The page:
As we all know too well, name–calling, cruel taunts, cyberbullying and physical bullying happen every day to kids across the country. When your child is being bullied, it’s hard to concentrate on anything else—all you want to do is make it stop immediately. Janet Lehman, MSW explains what you can do to help your child—and what could hurt them in the long run.
The lesson for our son was that while he couldn’t stop people from saying bad things, he had some control over how he responded to it.
At some point, your child will be picked on or will have his feelings hurt by others. We all have our trials and tribulations with our kids, no matter who we are. An unavoidable part of living is finding solutions to problems, even when they are not easy or comfortable.
In my opinion, bullying is a real problem that needs to be solved as a family. Our son was bullied in middle school and high school. We lived in a small rural community where he went to elementary school; the teachers were very aware of all the kids and very attentive. In some ways it was an ideal school. Unfortunately, they had no junior high or high school in our community, so we had to make the choice to send our son to a large urban school nearby.
Soon, he started to come home with some very disturbing stories about how other kids were teasing him, calling names and taunting him. These children didn’t have any clear reason why they were bullying our son other than he was the new kid; he was perceived as being different. Our son would come home each day with terrible stories about things that had happened. My husband, James, and I tried hard not to react too strongly when he talked to us. We did not want to seem too upset about it, because we really wanted to listen to what our child had to say without making it worse by over–reacting. We tried to remain as neutral as possible, but we were not always successful. Our son was upset and depressed, and it broke our hearts.
Over time we were able to resolve these issues as a family, but I want to stress that it didn’t happen overnight, much as we wanted it to. It took a lot of work with both the school and our son to find a solution to the problem. Along the way, we learned some valuable lessons that I believe played a big part in resolving the issue for our son.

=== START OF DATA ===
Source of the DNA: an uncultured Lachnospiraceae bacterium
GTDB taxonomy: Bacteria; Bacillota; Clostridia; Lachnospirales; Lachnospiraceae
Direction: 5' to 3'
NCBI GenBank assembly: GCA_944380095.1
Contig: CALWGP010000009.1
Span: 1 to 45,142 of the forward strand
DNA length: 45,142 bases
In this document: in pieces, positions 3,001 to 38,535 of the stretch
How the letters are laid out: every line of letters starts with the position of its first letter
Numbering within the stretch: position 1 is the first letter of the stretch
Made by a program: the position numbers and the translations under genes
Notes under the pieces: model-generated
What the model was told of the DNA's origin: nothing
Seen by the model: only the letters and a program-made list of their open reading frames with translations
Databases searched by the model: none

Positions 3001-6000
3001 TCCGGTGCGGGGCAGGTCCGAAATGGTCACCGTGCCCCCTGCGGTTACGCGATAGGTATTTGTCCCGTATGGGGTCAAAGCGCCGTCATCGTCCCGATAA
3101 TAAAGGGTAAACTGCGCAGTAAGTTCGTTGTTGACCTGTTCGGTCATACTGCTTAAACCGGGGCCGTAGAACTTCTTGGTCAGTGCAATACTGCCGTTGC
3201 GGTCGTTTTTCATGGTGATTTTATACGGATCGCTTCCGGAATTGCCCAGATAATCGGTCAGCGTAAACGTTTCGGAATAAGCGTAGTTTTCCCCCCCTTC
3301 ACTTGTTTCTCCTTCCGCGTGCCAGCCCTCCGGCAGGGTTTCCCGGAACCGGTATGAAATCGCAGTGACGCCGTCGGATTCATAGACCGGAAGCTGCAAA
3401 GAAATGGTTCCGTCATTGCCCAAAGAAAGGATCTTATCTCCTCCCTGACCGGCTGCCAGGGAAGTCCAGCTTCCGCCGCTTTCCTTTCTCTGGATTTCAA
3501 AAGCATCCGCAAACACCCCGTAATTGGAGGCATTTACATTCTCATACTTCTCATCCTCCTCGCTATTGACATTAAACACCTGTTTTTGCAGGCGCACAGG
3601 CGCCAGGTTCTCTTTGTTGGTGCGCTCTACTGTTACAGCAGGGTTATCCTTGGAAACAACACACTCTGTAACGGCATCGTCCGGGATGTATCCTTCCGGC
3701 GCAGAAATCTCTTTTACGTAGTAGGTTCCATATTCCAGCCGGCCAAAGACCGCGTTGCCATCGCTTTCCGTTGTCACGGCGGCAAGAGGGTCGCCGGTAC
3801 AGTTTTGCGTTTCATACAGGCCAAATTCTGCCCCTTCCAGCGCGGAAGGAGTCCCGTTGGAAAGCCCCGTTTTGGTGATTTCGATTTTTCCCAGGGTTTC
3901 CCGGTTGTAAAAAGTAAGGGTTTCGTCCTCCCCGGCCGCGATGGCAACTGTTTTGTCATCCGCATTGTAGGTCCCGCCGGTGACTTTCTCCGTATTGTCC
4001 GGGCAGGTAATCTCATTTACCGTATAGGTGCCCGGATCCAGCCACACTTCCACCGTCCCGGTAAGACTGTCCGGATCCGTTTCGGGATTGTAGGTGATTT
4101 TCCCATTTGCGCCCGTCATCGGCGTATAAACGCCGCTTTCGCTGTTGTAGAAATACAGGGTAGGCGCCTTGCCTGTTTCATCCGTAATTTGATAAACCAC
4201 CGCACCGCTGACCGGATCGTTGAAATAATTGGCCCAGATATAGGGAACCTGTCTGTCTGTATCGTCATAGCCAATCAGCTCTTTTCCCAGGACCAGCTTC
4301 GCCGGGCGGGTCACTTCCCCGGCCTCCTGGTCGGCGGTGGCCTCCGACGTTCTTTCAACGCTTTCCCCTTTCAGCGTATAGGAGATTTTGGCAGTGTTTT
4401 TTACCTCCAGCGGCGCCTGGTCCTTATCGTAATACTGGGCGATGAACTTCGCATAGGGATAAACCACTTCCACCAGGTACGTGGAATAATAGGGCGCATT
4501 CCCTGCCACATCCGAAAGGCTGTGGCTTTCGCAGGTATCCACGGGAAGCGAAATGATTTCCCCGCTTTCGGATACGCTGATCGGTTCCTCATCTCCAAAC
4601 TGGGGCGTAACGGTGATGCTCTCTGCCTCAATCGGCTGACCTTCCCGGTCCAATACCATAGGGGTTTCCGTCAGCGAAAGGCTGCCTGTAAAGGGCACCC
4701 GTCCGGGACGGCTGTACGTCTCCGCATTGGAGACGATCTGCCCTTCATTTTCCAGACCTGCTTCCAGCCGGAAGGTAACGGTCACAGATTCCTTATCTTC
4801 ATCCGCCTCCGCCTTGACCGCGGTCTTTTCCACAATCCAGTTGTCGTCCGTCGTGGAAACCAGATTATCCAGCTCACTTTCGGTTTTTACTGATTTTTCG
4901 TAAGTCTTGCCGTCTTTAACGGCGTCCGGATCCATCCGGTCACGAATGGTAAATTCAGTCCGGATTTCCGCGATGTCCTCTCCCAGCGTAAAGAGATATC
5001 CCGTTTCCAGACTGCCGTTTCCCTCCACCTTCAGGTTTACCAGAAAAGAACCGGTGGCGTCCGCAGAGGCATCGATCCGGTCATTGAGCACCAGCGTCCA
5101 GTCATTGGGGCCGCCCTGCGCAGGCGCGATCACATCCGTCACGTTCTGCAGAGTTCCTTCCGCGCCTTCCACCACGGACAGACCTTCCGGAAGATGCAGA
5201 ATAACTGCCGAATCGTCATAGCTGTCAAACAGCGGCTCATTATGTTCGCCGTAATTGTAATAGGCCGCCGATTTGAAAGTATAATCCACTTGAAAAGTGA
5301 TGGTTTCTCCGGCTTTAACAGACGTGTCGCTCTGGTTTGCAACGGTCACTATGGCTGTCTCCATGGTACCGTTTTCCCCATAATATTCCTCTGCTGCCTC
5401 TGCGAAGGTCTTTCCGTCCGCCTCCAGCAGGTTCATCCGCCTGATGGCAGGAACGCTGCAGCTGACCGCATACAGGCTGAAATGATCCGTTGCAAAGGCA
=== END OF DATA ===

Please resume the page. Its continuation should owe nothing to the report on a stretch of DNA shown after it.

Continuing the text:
Here are 9 steps you can take when your child is being bullied.
1. Listen to what your child has to say: Being a good listener is an important piece of your role when your child is being bullied. One of the best questions you can ask your child is, “What can I do to be helpful?” When your child tells you what’s going on at school, as much as it hurts to listen, be open and able to hear what he has to say. Try to be supportive but neutral when he’s talking. When you react too strongly to what your child is saying, he might stop talking because he’s afraid he’s going to upset you.
The other side of listening is not blaming your child. Don’t put the responsibility for the bullying on him or try to find a reason for it; there is no good reason or excuse for what’s happening. If your child is being bullied, he is the victim, so trying to find a reason for why he’s “bringing it on himself” really isn’t helpful. Never blame your child because it makes him anxious and reduces what he’s going to tell you. Your goal is that he continues to communicate what’s going on.
2. If you were bullied as a child, try not to personalize what is happening. If you were bullied when you were younger, the same situation with your child will most likely bring up painful memories. It’s okay to connect with your child about how it feels to be bullied, but don’t take the problem on as if it’s yours alone. I think the most important thing to do when your child is bullied is to remember the responses you received from others that were—or weren’t—helpful. Use what worked and avoid doing what was unsupportive or hurtful.